10 Workflow mapping pre-EHR: Tailor EHR to meet practice needs
Mapping out processes before EHR implementation helps practices decide how to use the EHR Workflow mapping demonstrates what protocols and standing orders are needed to redistribute work Workflow maps help practices work with their EHR vendor so that the vendor understands how each person will use the EHR Examples 1 and 2: protocols and standing orders written pre-EHR adoption delineate who does what, which facilitates implementation of the EHR Some of the reasons for purchasing an EHR are they will improve patient safety and care, make visits better for the patient, increase productivity for Clinicians, and increase revenue for the practice. But if your office processes are not working well currently, an EHR will not be the miracle cure for all your practice’s problems. Getting used to the new technology has been shown to disrupt workflows and decrease productivity. All the advertised benefits to having an EHR come after a practice has figured out their workflows. Optimizing your paper workflows can help prepare for EHR implementation because it helps the practice develop strategies to make the work go better. In examples 1 and 2 protocols and standing orders were written prior to EHR adoption to help the practice figure out who needs to do what in the workflow. For the lab result workflow, the RN and Clinician were doing duplicative work by having to review the lab result to see if it was abnormal or normal. The protocol helped delineate job descriptions better. The protocols and standing orders that were developed to improve paper workflows are just as applicable for computer workflows. These protocols and standing orders help practices determine how they are going to actually use the HER. A practice cannot take full advantage of all the functionalities of the EHR if the clinic is unsure of its workflow goals. Many EHRs come with features that can be customized in a specific way or features that can be turned off completely. Knowing all the capabilities of your EMR and then aligning it with how you want work to get done can greatly increase productivity. The better a practice understands how to use the EHR can facilitate communication with the EHR vendor. If the EHR vendor knows that there is a protocol for nurses to handle lab results that are normal or mildly abnormal, the EHR could potentially be built so that lab results that meet the criteria of “normal or abnormal” based on the protocol are sent directly to the nurses inbox rather than to the Clinician who would then have to forward it on to the nurse, this will save time.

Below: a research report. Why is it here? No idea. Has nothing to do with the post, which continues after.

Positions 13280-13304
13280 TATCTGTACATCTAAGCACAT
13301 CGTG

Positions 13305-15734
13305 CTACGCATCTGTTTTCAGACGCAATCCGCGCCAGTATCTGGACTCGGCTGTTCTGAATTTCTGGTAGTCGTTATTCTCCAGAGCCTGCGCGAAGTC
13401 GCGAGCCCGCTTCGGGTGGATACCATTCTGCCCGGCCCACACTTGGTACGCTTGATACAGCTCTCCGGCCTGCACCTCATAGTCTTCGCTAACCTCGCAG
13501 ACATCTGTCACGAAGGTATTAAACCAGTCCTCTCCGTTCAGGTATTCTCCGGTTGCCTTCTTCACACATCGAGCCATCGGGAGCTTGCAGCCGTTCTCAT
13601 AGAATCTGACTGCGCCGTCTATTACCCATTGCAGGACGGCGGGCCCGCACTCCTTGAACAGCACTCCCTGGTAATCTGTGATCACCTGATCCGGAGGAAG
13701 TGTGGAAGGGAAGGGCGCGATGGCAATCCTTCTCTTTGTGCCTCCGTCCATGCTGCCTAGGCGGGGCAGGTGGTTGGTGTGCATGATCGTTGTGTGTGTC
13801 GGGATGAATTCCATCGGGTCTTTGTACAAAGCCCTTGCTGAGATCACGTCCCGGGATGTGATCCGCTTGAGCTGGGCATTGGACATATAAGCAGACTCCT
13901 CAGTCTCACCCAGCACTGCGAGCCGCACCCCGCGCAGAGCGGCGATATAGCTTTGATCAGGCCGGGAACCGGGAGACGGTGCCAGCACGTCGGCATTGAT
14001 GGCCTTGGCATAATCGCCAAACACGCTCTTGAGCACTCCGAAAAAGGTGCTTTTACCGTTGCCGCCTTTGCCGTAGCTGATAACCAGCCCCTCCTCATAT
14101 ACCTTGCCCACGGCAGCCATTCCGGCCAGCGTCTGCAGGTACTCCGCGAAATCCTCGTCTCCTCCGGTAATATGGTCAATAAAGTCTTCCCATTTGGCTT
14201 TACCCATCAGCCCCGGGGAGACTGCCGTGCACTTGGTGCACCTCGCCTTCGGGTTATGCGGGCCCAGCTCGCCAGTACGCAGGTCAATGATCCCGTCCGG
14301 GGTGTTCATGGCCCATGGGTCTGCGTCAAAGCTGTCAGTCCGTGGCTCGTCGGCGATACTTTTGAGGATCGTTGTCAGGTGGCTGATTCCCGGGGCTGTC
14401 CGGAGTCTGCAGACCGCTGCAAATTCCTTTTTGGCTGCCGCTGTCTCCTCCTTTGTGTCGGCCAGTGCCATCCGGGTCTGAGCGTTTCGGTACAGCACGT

11 Workflow mapping post-EHR: EHR is a huge change